Olivier Assayas’s vibrant, ingeniously structured, tragicomic Wasp Network joins the ranks of essential films about international espionage, partly because it refuses to behave as such films normally do. Adapted from Fernando Morais’s book, The Last Soldiers of the Cold War, it is a gripping true story set at a time when the Berlin Wall had fallen and many assumed that Fidel Castro’s Communist regime in Cuba would fall shortly afterwards. The fact that so much of it is shot on location in bustling, crumbling Havana is just one reason why it all seems so authentic.
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It begins, in 1990, with a burly pilot, René González (Edgar Ramirez), kissing his loving wife Olga (Penélope Cruz) and daughter goodbye one morning in their Havana flat. He’s got to take a couple of parachutists up for a sky dive, but he’ll be home in time for dinner – or so he says. In fact, in the first of the film’s countless twists, he nips into the control tower, disables the radios, and flies his small plane across the ocean to Miami. Leaving his family behind was painful, he tells the US press, but he couldn’t bear the privation in Cuba any longer. Indeed, he soon hooks up with an anti-Castro organisation devoted to helping fellow defectors, and uses his piloting expertise to rescue refugees who are struggling through the waves on rafts.
After the film’s overstuffed first hour, everything clicks into place with a sudden split screen and a caption that rewinds the narrative to “four years earlier”
Another defecting pilot (Wagner Moura from Narcos) is a smoothie who charms and marries a Miami social climber (Ana de Armas from Blade Runner 2049). He too agrees to fly for the anti-Castro faction, but while René is in it for the good of his fellow “free Cubans”, his new comrade is more interested in the money to be made, and the designer clothes and jewellery he can buy with it. That’s why a little drug-running and FBI-informing on the side are so tempting.
It isn’t easy to keep track of the men’s succession of jobs and contacts in the film’s overstuffed and episodic first hour, but then everything clicks into place with a sudden split screen, a voiceover, a thrum of surf guitar, and a caption that rewinds the narrative to “four years earlier”. This is the Scorsese-ish introduction of the Wasp Network itself, a spy ring run by Gael Garcia Bernal’s greying, goatee-bearded Cuban secret service officer. The network consists of a handful of pro-Castro agents who have been sent to Miami to observe and report on the city’s anti-Castro agents. And that means – without giving too much away – that most of the characters who have been in the film thus far have been pretending to be something they’re not. The rug is well and truly yanked from under your feet, and you never regain your balance.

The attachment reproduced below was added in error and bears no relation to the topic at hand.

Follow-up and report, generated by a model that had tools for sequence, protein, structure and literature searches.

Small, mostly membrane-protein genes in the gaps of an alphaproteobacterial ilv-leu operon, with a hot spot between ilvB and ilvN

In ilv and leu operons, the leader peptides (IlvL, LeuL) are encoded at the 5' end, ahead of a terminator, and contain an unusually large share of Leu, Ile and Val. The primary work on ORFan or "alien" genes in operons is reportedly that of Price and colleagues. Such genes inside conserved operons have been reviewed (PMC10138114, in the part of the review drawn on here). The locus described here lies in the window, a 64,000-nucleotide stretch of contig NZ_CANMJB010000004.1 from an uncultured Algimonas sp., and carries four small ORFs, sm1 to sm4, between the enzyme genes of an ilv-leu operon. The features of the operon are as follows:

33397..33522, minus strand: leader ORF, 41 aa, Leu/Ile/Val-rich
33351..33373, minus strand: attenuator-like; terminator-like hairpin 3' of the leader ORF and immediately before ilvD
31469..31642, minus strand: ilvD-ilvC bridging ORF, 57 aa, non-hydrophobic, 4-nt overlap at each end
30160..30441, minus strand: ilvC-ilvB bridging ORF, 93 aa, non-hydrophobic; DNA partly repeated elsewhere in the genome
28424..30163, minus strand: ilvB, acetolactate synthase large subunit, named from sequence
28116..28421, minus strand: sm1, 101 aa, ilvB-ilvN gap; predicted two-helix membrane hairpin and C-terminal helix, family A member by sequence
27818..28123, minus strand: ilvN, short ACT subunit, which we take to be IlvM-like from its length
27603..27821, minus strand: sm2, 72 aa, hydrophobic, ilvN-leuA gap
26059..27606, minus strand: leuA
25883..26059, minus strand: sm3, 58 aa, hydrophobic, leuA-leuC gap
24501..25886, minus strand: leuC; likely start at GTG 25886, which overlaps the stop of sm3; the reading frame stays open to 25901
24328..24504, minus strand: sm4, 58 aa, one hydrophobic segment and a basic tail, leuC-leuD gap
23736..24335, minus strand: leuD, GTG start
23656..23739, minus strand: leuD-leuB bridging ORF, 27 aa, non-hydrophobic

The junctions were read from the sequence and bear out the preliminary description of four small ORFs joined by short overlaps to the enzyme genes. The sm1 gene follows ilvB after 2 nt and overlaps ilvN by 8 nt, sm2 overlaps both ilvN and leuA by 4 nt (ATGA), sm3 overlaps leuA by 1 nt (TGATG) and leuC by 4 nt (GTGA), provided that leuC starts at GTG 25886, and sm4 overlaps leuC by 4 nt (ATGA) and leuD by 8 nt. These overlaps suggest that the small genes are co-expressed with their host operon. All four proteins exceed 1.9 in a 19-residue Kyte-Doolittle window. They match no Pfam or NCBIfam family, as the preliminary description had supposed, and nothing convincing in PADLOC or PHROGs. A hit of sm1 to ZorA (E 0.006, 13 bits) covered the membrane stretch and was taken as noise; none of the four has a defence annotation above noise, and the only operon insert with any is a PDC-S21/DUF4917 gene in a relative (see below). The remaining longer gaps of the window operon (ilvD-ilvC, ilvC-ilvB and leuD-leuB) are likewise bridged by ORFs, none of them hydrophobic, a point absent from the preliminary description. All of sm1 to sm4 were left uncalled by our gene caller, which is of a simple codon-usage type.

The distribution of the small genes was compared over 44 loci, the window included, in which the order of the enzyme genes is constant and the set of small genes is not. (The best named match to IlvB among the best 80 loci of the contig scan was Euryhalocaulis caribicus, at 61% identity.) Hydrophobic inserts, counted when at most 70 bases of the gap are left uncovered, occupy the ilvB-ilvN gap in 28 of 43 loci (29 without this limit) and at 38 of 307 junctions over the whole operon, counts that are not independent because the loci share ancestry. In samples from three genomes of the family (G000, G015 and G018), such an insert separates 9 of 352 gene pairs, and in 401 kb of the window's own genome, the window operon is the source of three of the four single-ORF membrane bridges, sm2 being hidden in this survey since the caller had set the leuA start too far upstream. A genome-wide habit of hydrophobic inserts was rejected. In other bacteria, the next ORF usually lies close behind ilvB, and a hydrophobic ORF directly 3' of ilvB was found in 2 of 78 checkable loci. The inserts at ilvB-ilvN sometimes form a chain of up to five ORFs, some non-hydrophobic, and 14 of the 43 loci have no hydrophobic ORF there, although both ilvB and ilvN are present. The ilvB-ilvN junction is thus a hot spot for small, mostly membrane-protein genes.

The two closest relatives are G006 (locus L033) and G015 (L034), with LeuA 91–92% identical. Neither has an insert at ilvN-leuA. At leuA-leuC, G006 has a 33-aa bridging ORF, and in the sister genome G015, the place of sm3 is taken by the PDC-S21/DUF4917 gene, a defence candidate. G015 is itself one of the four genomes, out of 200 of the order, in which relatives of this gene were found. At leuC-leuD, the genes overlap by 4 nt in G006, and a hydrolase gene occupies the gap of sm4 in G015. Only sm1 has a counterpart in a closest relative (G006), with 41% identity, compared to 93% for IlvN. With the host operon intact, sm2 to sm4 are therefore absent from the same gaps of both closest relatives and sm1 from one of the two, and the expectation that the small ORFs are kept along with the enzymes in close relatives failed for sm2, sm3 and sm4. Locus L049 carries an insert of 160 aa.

Assayas’s complex, balanced film forces the viewer to keep reassessing who is on whose side – and whether you should be on their side, too
If the rest of Wasp Network is still tricky to follow, that is the point. Assayas immerses us in a world where several different groups all believe that they are the heroes, and where identities and allegiances don’t stay the same for long. It is a world where Bill Clinton and Fidel Castro appear on television, and each of them sounds, in the moment, as if he has the moral high ground. There are cleverly choreographed spy-movie set pieces: a recreation of the 1997 Cuba hotel bombings is unbearably tense. But unlike a typical spy movie, Assayas’s complex, balanced film forces the viewer to keep reassessing who is on whose side, and whether you should be on their side, too.
Then there is the question of the women and children. While René is on daredevil missions in Florida, Olga is raising her daughter alone, toiling in a tannery, and being ostracised in Havana for being a traitor’s wife. Life gets even more challenging for her in the years that follow – and Cruz conveys Olga’s strength and her suffering with equal intensity. Very few spy films give so much time to the spies’ families, let alone their childcare arrangements. Very few make us think so hard about the sacrifices being made, the ethical issues being faced, and whether the job’s triumphant highs are worth the tawdry lows. Despite all that, Wasp Network is still an entertaining and often glamorous cloak-and-dagger thriller in which the sun is always shining and the actors are all gorgeous. But it offers a rare insight into what it might actually be like to be an undercover agent, and that’s not so entertaining or glamorous at all.
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